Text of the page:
Friday, 27 March 2020

ICHTHYOSAUR BASIOCCIPITAL BONE AND TELEOST FISH

Ichthyosaur Basioccipital Bone / Liam Langley
A very exciting find of an Ichthyosaur basioccipital bone. This is the bone next to the skull that connected to the vertebrae. He found this in situ so not very water warn as you might expect. This lovely bone was found by the deeply awesome Liam Langley on the Yorkshire Coast.

Ichthyosaurs became extinct during the Upper Cretaceous, about 30 million years before the K/T extinction event. There was an ocean anoxic event at the Cenomanian–Turonian stage boundary. The deeper layers of the seas became anoxic and poisoned by hydrogen sulphide. As life died off in the lower (benthos) levels of the sea, so did the predators at the top of the food chain. The last pliosaurs and ichthyosaurs became extinct.

Ichthyosaurs had been dwindling in numbers for some time; they were no longer the force they once were in the Upper Triassic and Lower Jurassic. By the middle Jurassic, it was thought they all belonged to the single clade, the Ophthalmosauridae. By the Cretaceous, it was thought that only three genera survived. For the last 50+ years, it has been thought that only one genus, Platypterygius, was known at the time of the anoxic event in the Upper Cretaceous.

Ichthyosaur Basioccipital Bone / Liam Langley
There was still diversity in ichthyosaurs a few million years before the extinction event. They may have survived right up to the extinction event. Ichthyosaurs had declined from their peak.

By the Cretaceous, they certainly had more competitors than in the Triassic and more elusive prey. The adaptive radiation of teleost fish meant their new prey was fast swimming and highly evasive.

The difference between teleosts and other bony fish lies mainly in their jawbones; teleosts have a movable premaxilla and corresponding modifications in the jaw musculature which make it possible for them to protrude their jaws outwards from the mouth.

This is of great advantage, enabling them to grab prey and draw it into the mouth. In more derived teleosts, the enlarged premaxilla is the main tooth-bearing bone, and the maxilla, which is attached to the lower jaw, acts as a lever, pushing and pulling the premaxilla as the mouth is opened and closed. Other bones further back in the mouth serve to grind and swallow food.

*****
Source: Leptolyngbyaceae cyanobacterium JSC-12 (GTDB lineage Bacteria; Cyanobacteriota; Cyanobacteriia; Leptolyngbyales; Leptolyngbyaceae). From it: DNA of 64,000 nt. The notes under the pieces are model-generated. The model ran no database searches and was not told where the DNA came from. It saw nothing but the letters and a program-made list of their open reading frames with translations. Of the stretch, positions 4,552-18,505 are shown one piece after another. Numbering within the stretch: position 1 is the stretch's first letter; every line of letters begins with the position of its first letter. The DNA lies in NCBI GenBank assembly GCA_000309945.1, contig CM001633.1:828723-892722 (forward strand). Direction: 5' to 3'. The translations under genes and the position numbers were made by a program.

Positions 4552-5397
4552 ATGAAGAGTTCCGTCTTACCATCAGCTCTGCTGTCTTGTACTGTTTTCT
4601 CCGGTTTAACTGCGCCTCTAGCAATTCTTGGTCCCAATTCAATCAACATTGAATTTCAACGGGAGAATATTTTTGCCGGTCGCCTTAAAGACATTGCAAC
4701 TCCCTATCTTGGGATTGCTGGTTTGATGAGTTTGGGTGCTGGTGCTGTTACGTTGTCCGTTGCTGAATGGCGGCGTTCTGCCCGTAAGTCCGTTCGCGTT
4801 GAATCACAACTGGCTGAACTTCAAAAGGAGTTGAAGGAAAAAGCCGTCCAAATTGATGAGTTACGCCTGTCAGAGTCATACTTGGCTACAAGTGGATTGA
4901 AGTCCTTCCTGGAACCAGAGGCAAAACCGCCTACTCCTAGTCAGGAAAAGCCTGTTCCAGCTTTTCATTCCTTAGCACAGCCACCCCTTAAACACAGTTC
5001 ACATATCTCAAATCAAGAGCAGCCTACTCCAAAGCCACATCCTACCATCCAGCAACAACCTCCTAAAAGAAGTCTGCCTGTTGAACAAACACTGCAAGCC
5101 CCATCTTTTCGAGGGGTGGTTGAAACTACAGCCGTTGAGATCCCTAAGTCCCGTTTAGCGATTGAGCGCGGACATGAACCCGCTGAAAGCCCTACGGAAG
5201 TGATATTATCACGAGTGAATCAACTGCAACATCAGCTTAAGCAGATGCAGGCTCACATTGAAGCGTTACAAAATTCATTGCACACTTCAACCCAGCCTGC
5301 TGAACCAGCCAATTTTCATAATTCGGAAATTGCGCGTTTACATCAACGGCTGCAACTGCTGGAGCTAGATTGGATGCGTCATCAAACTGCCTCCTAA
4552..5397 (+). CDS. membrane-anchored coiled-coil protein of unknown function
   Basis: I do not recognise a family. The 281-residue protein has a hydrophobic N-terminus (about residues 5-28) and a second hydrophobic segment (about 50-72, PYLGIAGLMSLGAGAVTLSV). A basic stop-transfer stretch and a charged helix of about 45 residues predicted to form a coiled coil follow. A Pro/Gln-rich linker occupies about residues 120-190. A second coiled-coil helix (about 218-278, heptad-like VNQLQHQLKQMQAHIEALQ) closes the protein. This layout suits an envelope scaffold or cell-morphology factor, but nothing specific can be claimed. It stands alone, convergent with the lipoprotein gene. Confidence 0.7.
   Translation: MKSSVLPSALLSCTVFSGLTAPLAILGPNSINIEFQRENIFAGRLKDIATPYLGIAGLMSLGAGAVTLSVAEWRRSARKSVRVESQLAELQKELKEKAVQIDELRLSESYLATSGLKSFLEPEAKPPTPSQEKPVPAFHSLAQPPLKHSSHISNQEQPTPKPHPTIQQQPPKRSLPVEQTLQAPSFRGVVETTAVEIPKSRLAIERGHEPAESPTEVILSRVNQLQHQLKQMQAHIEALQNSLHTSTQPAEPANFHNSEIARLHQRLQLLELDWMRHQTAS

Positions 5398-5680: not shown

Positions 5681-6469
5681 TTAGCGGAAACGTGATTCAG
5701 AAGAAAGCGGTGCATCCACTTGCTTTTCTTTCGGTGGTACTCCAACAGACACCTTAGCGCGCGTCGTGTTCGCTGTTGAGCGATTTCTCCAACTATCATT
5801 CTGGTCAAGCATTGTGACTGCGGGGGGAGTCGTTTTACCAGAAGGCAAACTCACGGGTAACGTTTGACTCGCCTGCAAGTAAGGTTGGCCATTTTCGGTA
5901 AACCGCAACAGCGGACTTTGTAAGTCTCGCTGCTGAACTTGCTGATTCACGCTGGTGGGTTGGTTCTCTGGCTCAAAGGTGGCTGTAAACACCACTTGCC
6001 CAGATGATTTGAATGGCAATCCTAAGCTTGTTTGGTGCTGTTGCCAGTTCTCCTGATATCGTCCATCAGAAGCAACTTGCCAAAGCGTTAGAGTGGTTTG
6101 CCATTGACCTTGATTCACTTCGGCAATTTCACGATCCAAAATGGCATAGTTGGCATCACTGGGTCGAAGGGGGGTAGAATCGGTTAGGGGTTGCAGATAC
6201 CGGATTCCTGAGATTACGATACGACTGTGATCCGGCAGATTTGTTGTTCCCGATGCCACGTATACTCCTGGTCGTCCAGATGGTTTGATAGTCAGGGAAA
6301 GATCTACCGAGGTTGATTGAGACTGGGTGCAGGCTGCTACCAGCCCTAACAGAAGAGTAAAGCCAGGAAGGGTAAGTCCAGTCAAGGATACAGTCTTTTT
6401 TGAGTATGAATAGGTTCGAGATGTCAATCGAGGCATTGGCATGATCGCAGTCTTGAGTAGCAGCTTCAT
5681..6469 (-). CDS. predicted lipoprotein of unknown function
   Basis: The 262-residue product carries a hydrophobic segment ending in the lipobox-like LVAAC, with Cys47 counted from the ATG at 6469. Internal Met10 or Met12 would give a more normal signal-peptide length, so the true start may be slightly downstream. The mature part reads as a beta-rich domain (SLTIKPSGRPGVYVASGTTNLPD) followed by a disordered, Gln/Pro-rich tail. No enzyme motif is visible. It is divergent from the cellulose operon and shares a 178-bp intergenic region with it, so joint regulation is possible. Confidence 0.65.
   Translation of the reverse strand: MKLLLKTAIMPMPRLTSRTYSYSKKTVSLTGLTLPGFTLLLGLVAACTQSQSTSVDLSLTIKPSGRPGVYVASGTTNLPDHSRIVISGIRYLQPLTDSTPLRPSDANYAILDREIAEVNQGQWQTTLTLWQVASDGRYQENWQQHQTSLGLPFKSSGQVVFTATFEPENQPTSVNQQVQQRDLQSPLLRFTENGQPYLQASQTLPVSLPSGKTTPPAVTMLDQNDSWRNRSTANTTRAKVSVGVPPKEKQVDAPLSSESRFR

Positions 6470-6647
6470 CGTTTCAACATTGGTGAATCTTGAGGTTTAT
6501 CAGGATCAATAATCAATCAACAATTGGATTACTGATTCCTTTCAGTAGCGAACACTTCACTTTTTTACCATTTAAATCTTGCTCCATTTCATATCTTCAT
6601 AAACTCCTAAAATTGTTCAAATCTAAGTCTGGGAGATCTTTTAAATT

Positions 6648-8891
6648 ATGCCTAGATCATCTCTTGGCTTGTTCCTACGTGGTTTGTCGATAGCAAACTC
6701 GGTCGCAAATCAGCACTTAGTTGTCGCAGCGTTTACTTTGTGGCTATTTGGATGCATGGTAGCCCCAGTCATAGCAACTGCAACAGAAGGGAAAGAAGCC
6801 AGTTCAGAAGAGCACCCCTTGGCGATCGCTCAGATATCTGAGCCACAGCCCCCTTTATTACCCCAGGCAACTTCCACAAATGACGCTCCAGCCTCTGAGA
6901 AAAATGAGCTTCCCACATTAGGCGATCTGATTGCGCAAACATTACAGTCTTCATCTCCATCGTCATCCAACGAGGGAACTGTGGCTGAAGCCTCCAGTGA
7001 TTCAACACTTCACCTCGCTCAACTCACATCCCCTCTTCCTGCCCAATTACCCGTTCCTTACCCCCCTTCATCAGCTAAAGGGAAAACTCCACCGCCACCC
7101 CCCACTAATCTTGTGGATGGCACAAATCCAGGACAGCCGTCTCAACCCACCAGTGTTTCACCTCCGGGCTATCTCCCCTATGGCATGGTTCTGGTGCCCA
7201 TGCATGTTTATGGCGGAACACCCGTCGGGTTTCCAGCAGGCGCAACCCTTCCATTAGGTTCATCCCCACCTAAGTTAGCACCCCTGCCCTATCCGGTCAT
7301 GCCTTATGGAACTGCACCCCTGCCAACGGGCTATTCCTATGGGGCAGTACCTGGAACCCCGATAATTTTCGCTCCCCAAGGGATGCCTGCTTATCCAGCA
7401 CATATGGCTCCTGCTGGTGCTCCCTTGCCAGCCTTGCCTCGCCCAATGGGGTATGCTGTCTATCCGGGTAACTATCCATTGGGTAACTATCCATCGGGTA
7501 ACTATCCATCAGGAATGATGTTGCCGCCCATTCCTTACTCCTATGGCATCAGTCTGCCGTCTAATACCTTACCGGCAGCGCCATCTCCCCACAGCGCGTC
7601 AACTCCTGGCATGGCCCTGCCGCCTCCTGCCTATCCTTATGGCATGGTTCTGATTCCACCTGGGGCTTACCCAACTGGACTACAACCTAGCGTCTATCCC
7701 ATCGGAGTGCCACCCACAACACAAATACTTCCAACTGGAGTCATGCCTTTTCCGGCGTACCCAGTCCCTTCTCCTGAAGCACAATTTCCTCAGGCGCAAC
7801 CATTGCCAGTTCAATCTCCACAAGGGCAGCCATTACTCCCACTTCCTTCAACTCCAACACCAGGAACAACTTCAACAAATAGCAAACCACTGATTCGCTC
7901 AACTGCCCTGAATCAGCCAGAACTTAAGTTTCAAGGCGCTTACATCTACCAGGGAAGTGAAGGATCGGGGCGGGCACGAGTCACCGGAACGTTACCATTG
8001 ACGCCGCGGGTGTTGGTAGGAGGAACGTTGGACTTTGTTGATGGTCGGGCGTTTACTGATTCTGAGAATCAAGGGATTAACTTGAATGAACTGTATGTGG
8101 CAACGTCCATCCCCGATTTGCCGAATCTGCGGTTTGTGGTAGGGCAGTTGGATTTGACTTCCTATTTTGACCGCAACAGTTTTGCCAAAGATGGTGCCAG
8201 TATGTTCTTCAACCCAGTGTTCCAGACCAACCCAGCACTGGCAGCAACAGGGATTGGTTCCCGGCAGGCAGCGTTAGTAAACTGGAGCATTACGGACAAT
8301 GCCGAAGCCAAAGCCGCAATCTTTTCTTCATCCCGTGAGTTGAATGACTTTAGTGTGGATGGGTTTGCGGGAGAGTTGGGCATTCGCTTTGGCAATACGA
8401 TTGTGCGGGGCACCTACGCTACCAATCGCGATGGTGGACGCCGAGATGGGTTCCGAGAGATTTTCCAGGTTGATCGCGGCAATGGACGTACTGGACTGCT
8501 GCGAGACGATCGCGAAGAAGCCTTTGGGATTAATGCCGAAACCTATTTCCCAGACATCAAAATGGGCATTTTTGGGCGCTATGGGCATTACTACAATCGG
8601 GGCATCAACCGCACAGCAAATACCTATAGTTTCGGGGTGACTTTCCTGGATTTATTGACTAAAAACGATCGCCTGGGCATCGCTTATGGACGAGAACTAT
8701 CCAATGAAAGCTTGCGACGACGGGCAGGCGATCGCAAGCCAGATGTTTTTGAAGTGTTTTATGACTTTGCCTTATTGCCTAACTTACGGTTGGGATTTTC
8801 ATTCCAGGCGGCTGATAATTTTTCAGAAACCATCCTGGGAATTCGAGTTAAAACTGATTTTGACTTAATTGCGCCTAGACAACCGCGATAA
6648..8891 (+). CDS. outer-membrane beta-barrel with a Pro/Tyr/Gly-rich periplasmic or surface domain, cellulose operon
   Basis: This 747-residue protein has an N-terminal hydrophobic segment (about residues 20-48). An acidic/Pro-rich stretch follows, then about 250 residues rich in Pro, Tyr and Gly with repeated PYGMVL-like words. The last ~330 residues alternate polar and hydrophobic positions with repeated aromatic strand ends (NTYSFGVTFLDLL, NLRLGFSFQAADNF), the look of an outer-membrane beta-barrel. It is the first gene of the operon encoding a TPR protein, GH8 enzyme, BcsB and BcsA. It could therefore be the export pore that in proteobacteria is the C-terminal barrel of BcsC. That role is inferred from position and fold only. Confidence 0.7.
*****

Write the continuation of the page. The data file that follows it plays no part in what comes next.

Another difference is that the upper and lower lobes of the tail (caudal) fin are about equal in size. The spine ends at the caudal peduncle, distinguishing this group from other fish in which the spine extends into the upper lobe of the tail fin.

The most basal of the living teleosts are the Elopomorpha, eels and their allies, and the Osteoglossomorpha, those whacky elephantfish and their friends. There are over 800 species of elopomorphs; each with thin leaf-shaped larvae known as leptocephali specialized for a marine environment.

Among the elopomorphs, eels have elongated bodies with lost pelvic girdles and ribs and fused elements in the upper jaw. The 200 species of osteoglossomorphs are defined by a bony element in the tongue. This element has a basibranchial behind it, and both structures have large teeth that are paired with the teeth on the parasphenoid in the roof of the mouth.

The clade Otocephala includes the Clupeiformes, tasty herrings, and Ostariophysi  — carp, catfish and their friends. Clupeiformes are made up of 350 living species of herring and herring-like fish. This group is characterized by an unusual abdominal scute and a different arrangement of the hypurals. In most species, the swim bladder extends to the braincase and plays a role in hearing. Ostariophysi, which includes most freshwater fishes, has developed some unique adaptations.

One is the Weberian apparatus, an arrangement of bones, called Weberian ossicles, connecting the swim bladder to the inner ear. This enhances their hearing, as sound waves make the bladder vibrate, and the bones transport the vibrations to the inner ear. They also have a chemical alarm system; when a fish is injured, the warning substance gets in the water, alarming nearby fish. Excellent for the predatory fish, less so for their poor injured brethren.

The teleosts included fast-swimming predatory fish, which would have been competing for similar food resources to our ichthyosaur friends. Had they complained about the teleosts they would have been deeply aghast to know what was coming next — big, hungry mosasaurs. The ichthyosaurs and pliosaurs were replaced in the marine ecology by the giant mosasaurs. The mosasaurs were probably ambush-hunters, whose sit-and-wait strategy apparently proved most successful. So, teleost fish, the ocean anoxic event and the rise of mosasaurs all contributed to the end of the ichthyosaurs.

Photos 1-2: By the awesome Liam Langley
Image 3: By Sir Francis Day - Fauna of British India, Fishes (www.archive.org), Public Domain, https://commons.wikimedia.org/w/index.php?curid=1919094